YouTube criticised after blocking young people from seeing powerful HIV film: ‘It re-enables stigma’

YouTube censors World AIDS Day film starring Nathaniel Hall

YouTube has been criticised for age-restricting an educational World AIDS Day film, “re-enabling the very stigma [it] is seeking to combat”.

The film, entitled 27000@25: When We Were Boys, tells the story of London’s 1996 Pride celebrations, where 27,000 red balloons were released to represent the people living with HIV in England at the time. 

It also stars It’s A Sin’s Nathaniel Hall, who has previously opened up about his experience acquiring HIV at the age of 16, and underlines the U=U message, which is that that if HIV is undetectable, it is untransmittable

“I take just one tablet, once a day, it has no side-effects, and I go to the clinic twice a year and that’s it, it’s done,” Hall says in the film.

“But we really shouldn’t underplay the psychological impact of the diagnosis, that’s a hang-up from that stigma that has come from the 1980s and 90s.”

Following its release, on World AIDS Day (1 December), the film was age-restricted by YouTube despite containing no content against its community guidelines.


Director Rob Falconer said he was not offered an explanation as to why it was censored.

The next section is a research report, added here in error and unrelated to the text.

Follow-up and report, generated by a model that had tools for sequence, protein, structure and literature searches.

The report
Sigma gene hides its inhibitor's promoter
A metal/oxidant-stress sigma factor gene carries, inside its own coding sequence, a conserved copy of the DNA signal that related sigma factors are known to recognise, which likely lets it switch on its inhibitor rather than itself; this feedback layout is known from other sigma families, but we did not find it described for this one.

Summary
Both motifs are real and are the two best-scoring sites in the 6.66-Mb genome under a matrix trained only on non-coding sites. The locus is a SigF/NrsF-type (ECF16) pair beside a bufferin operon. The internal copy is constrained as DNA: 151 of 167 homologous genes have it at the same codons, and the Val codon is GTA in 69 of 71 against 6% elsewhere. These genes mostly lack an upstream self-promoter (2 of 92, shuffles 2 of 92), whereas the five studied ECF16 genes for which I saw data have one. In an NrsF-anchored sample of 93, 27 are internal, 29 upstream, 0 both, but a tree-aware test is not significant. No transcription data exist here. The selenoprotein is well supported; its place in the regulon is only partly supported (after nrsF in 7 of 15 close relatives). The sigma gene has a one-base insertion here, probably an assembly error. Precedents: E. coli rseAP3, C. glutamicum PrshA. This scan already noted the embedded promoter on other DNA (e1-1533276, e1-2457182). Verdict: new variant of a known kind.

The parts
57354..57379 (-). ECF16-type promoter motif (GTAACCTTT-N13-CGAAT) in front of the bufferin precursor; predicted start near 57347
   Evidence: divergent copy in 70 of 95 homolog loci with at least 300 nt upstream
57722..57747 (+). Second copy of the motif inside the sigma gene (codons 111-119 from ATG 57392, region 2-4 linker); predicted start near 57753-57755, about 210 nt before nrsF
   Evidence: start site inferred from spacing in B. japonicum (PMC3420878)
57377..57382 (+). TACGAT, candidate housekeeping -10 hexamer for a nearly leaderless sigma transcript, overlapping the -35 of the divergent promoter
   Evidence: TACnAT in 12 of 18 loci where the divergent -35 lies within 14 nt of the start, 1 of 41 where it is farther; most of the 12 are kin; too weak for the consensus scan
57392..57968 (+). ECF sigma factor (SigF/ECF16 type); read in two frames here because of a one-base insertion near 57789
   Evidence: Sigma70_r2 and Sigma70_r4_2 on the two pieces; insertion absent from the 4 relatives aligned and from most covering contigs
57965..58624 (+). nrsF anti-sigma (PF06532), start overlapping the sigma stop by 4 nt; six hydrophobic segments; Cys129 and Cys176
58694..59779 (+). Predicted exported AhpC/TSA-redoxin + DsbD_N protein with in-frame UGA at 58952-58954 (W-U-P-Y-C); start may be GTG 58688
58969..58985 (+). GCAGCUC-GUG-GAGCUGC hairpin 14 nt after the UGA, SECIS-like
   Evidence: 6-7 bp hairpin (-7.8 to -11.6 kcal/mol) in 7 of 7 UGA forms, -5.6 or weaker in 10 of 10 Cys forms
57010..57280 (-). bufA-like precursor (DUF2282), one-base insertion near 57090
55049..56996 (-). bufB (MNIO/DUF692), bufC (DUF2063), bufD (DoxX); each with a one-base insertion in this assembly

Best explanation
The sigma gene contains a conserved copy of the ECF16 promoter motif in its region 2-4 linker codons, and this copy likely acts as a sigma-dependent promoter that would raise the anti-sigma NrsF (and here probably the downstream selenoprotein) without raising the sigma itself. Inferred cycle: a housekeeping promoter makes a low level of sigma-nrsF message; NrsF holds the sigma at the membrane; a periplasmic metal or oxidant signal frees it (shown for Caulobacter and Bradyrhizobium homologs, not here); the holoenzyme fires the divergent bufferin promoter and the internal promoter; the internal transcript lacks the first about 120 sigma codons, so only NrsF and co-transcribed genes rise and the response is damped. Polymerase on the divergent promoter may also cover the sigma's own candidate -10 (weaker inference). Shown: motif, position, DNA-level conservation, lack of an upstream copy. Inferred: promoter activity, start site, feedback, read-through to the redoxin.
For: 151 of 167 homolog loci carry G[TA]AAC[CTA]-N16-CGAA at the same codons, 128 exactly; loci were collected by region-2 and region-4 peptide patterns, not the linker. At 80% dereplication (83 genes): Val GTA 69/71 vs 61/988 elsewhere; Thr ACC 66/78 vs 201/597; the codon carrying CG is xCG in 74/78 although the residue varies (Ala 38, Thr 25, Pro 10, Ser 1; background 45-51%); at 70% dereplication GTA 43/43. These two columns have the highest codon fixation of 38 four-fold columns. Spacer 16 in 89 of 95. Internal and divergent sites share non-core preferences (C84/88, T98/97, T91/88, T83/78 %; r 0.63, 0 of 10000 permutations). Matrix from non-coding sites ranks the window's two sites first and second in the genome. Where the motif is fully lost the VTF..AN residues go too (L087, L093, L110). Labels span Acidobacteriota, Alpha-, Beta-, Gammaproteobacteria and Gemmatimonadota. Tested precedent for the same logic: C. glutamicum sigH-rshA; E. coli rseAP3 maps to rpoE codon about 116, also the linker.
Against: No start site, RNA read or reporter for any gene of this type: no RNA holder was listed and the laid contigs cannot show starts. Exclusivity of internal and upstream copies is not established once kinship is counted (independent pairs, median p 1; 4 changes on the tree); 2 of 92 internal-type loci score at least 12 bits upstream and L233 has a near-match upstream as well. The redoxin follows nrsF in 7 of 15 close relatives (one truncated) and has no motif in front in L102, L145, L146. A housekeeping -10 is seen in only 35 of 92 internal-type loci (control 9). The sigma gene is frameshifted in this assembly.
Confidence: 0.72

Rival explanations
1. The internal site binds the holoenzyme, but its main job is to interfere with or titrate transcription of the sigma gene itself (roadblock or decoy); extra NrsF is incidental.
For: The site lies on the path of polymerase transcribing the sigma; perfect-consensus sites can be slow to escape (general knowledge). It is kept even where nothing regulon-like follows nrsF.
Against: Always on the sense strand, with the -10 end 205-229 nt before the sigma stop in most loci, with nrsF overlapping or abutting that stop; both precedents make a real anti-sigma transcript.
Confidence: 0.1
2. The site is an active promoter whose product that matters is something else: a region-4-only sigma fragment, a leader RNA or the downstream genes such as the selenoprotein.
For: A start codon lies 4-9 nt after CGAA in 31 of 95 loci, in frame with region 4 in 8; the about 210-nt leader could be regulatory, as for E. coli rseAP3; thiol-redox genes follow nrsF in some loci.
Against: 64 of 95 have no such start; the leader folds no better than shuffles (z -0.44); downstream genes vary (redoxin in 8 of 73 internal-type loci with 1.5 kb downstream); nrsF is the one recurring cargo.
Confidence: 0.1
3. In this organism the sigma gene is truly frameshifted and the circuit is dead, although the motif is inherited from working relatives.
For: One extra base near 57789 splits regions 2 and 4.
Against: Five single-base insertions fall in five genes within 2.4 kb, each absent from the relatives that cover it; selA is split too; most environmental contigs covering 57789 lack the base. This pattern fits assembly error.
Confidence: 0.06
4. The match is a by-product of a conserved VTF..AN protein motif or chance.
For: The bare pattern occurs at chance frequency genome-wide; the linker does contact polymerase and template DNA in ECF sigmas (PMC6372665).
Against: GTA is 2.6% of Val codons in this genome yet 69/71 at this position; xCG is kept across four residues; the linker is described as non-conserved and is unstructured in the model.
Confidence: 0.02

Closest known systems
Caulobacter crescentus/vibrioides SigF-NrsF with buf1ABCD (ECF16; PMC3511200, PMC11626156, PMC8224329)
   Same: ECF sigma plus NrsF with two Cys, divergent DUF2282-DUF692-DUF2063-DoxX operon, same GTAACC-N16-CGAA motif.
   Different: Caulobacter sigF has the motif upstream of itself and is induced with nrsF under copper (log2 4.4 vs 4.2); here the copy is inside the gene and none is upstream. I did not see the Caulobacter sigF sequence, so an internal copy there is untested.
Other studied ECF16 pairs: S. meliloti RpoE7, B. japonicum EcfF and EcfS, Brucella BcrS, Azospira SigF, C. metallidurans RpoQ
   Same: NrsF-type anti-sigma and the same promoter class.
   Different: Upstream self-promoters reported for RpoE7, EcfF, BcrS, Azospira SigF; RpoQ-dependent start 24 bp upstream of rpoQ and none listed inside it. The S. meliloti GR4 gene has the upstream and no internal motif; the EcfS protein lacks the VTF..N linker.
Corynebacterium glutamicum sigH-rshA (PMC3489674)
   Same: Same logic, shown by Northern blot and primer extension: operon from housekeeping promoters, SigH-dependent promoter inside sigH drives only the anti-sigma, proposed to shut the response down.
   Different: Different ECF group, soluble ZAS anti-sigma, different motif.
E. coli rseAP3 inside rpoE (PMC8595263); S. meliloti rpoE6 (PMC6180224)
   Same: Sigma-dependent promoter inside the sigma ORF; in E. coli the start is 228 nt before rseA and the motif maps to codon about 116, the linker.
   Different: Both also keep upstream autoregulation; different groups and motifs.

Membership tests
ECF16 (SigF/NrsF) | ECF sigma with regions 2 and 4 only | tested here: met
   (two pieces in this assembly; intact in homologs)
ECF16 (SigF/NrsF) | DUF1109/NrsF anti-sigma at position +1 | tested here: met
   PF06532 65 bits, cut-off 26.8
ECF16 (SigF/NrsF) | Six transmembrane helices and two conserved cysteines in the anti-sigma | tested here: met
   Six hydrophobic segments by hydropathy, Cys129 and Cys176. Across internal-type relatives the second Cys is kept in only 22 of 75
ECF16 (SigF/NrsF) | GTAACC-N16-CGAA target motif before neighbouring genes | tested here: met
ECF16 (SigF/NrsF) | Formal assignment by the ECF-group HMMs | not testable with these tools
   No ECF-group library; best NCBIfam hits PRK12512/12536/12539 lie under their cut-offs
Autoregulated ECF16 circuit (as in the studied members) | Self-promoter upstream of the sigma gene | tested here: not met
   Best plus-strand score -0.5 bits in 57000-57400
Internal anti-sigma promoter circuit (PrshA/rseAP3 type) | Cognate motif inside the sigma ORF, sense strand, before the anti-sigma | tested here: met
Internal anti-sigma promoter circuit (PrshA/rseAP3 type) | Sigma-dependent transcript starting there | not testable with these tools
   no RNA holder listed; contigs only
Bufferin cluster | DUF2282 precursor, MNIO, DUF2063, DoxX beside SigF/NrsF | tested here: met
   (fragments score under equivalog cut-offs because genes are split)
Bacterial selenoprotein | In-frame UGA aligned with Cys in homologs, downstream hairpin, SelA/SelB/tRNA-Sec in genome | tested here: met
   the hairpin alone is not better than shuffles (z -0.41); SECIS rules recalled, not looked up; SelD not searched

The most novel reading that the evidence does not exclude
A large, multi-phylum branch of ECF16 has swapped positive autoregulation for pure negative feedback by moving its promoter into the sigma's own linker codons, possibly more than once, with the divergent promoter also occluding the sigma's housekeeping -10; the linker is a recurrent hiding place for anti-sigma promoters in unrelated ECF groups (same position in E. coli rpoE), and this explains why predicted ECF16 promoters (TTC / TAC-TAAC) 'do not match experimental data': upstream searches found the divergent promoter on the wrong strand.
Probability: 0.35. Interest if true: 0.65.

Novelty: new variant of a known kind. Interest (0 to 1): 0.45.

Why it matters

He told PinkNews: “We don’t know, it might have been the algorithm or a human being… it was applied with absolutely no warning in the middle of World AIDS Day, just as it was beginning to move around the world into the US time zones.

“I don’t think for a moment it was any way intentional… but they have failed to take into account the catastrophic consequences of doing something like that and the message it sends out to HIV-positive people around the world.

“It simply re-enabled the very stigma that the video is seeking to combat.

“We can’t recover that massive day of exposure it could have had, that’s the key issue here.”

The video, which has been translated into seven different languages, has now had its age restriction lifted by YouTube.

Falconer underlined that the video – which features music from Erasure and Jimmy Somerville – has still had a positive reaction, with over 11,000 views on YouTube.

He said: “It’s extraordinary. It’s overwhelming. The emotional side is clearly very special to people.

“[The aim is] to make people remember, to connect with the past in much the same way that programmes like It’s A Sin have done. We’re all overwhelmed with COVID and not remembering this huge, huge disease and the effect it had on people’s lives and how they were treated back then.

This is very present still, it’s not an LGBTQI+ minority issue, and never really was. Half of the people in this country who are HIV-positive are in fact heterosexual.

“These two people in this video proves the point that young people get HIV too, young people are having sex, whether people like to admit that or not. They need information, they need to make informed choices about their own sexual health, and that of their partners.

“How are they to do that if you refuse to allow them to watch and absorb that information?”

A spokeswoman for YouTube told PinkNews: “The flagged video was initially age-restricted but upon review this restriction was removed.

“We work quickly to review all flagged content, but with millions of hours of video uploaded on YouTube every day, on occasion we make the wrong call.”